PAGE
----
Allan and Edgar Hetteen and David Johnson of Roseau, Minnesota, designed and built the first snowmobile, and went on to create Polaris Industries. This company designed, manufactured, and shipped snowmobiles across the country and around the world to be used for work and recreation. The snowmobile has had an impact on society including the Minnesota tourism industry, farming, and ranching, assisting in search-and-rescue efforts around the world, and transporting residents of the Far North between their communities. It is amazing that an invention that has reached to the far corners of the world began in northern Minnesota in a little community of 2,500 people.
~Katherine Kath, Detroit Lakes, MN
Polaris Industry Founders The three men who founded Polaris Industries, brothers Alan and Edgar Hetteen, and David Johnson opened a whole new world of winter entertainment when they invented the snowmobile. The snowmobile has not only been entertaining but has assisted people in the northern regions of the US and Canada to travel in a more convient and safer way.
~Charleen Haugen, Roseau, MN
Edgar Hetteen Grandfather of snowmobiling Invented the snowmobile, Polaris snowmobiles, Arctic Cat snowmobiles, and ASV Track-Truck - skidsteers.
~Richard Will, Cohasset, MN
With Minnesota having a long and wonderful winter, the snowmobile enabled Minnesotans the ability to enjoy the great outdoors during the wintertime. Let it snow, let it snow, let it SNOW!!!
~Perry and Connie Marcus, Coon Rapids, MN
Edgar Hetteen Edgar is the founder of Polaris Industries and Arctic Cat. His development and marketing of the snowmobile in the early 1960s led to a revolution in how Minnesotans view winter. Instead of northern Minnesota becoming a morgue during the winter months, we now have tens of thousands of residents trailering to northern Minnesota to ride 1,000s of miles of marked and groomed trails. Snowmobiling contributes millions and millions of dollars to countless small businesses throughout the state. Of the hundreds of manufacturers that started in the business, only four are left, and two of those are major employers in northern Minnesota. Arctic Cat in Thief River Falls and Polaris in Roseau.
Today, snowmobiling stretches from the mountains of Idaho to the hills of Vermont, and throughout northern Europe as well. Edgar's efforts to promote snowmobiling as another way to experience the beauty of Minnesota in the winter is the stuff of legends.
~Steve Bethke, New Prague, MN
An invention that can go beyond recreation and actually cause shifts in many traditional northern cultures deserves to be on the big 150 list. Such is the case with the snowmobile.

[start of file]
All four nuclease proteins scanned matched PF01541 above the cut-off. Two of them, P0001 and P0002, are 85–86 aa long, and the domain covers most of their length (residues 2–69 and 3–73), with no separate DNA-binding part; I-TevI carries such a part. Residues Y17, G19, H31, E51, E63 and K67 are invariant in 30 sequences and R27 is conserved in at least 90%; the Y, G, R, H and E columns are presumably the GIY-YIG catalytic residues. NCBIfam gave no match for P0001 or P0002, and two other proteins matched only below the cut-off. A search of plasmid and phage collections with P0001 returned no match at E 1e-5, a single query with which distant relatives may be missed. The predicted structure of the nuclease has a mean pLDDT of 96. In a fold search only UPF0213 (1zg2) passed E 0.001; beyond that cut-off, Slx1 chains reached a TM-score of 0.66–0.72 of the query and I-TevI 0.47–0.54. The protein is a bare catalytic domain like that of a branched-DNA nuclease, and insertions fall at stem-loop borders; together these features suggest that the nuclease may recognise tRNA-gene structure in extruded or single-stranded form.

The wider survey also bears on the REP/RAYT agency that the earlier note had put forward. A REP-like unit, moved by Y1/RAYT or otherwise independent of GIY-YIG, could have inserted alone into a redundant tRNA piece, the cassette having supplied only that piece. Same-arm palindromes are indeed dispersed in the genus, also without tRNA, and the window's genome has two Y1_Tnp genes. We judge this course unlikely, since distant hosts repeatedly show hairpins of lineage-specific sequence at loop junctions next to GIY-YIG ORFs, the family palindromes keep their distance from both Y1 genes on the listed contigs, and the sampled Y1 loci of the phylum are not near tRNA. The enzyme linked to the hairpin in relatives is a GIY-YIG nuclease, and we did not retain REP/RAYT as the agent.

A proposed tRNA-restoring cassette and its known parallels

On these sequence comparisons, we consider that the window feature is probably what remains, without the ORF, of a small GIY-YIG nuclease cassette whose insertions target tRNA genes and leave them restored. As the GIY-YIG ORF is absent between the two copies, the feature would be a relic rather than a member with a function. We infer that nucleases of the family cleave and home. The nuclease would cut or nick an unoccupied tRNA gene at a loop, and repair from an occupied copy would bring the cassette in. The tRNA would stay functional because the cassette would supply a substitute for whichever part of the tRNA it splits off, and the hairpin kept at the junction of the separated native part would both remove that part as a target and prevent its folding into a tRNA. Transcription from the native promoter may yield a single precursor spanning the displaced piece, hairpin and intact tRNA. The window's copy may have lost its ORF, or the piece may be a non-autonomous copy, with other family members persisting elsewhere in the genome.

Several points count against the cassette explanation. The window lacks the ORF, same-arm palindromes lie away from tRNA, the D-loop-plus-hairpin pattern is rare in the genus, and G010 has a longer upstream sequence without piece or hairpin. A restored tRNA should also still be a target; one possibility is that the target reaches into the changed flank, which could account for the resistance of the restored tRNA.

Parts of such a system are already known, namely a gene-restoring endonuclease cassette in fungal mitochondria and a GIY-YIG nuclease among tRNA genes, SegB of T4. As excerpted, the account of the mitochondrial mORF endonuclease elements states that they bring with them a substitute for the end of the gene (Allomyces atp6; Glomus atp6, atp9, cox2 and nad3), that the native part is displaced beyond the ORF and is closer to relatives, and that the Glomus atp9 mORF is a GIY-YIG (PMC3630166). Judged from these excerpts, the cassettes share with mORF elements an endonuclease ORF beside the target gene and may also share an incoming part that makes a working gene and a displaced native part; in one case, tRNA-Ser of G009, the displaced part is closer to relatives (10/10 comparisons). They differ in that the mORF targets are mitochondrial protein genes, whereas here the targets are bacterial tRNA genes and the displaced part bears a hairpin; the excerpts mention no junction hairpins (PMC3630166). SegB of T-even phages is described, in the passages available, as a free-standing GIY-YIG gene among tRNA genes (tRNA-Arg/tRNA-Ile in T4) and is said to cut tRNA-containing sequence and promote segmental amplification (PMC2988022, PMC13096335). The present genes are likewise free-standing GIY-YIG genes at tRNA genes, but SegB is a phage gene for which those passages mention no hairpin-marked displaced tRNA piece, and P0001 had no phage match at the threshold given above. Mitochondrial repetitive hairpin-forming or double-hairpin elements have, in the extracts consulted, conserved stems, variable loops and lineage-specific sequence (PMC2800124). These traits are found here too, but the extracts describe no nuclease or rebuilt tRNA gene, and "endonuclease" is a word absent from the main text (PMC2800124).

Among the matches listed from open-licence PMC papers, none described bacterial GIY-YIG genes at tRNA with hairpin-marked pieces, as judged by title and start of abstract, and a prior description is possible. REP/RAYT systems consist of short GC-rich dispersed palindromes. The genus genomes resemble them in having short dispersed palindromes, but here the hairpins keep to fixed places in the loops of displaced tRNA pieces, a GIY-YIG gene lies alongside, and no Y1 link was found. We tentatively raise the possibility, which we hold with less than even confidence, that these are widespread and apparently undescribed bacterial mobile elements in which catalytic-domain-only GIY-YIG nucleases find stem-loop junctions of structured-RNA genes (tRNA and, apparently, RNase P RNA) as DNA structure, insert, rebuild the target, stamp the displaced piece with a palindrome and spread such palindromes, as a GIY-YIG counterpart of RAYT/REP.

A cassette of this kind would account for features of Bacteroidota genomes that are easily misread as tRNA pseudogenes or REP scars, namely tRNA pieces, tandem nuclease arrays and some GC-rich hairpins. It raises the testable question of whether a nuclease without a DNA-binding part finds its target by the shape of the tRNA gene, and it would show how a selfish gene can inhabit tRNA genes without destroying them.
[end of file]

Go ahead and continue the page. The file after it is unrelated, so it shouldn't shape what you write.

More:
There are disputes over the origins of this form of transportation--Wisconsin, Minnesota and Canada claim to be where it was first invented in the 1920s. However, everyone agrees that the first modern machine was introduced by Minnesota-business Polaris.
The snowmobile is more than a recreational tool or a way to combine winter poker with driving from bar to bar. It can produce important cultural change. Several anthropological articles have demonstrated how the introduction of the snowmobile has meant major alterations in traditional groups such as the Sami herders.
~Steve Trimble, St. Paul, MN
Although we think of them today as recreational vehicles, the first patent for a snowmobile was awarded to R. H. Muscott of Waters, Michigan, for a vehicle with rear tracks and front sleds used for rural mail delivery. For the next several decades, snowmobiles were used for work—to carry mail and schoolchildren, to move groups of people through snowy passages, and as ambulances.
In January 1956, David Johnson, Paul Knochenmus, and Orlen Johnson of Roseau, Minnesota, built the first Polaris Snow Cat, using a grain elevator conveyor belt for a track and pieces of a Chevy bumper for skis. With their Snow Cat, Polaris proved that it was possible to build a sturdy, reliable vehicle that could negotiate snowy fields and forests faster than cross-country skis. But it wasn't yet ready for production. Polaris founder Edgar Hetteen sold the first Snow Cat to a local lumberyard and used the proceeds to meet payroll for his company, which made farm equipment. Then he, his brother Allan, and brother-in-law David Johnson kept tinkering.
Meanwhile, in Valcourt, Quebec, an inventor named Joseph-Armand Bombardier was hard at work. He had introduced a large vehicle propelled by a caterpillar track in 1937. More than two decades later, in 1959, Bombardier introduced the vehicle that would earn him the title "Father of the Snowmobile." Called the Ski-Doo, it was a relatively lightweight, open-cab model that seated only one or two passengers.
In March 1960, Edgar Hetteen set out to prove that snowmobiles were more than just curiosities. Edgar and three others set out on three Polaris Sno-Travelers for a 1,200-mile trek across the Alaskan wilderness. The twenty-one-day trip was a success and changed popular opinions on winter travel. Within a few years, Polaris introduced the Colt and Mustang, small-profile snowmobiles designed for recreation. The company was a national leader in the recreational industry by the mid-1960s.
Allan Hetteen took over as president of Polaris later in 1960, when Edgar moved to Thief River Falls to found Arctic Cat. Together, Polaris and Arctic Cat revolutionized the sport of snowmobiling and helped seal Minnesota's reputation as a place where snow and cold are not just endured, but enjoyed.
Edgard Hetteen's Daring Journey
Snowmobile - Wikipedia, the free encyclopedia
Polaris : Our Company : About Polaris : History and Heritage
Snowmobiles : Library : MNHS.ORG
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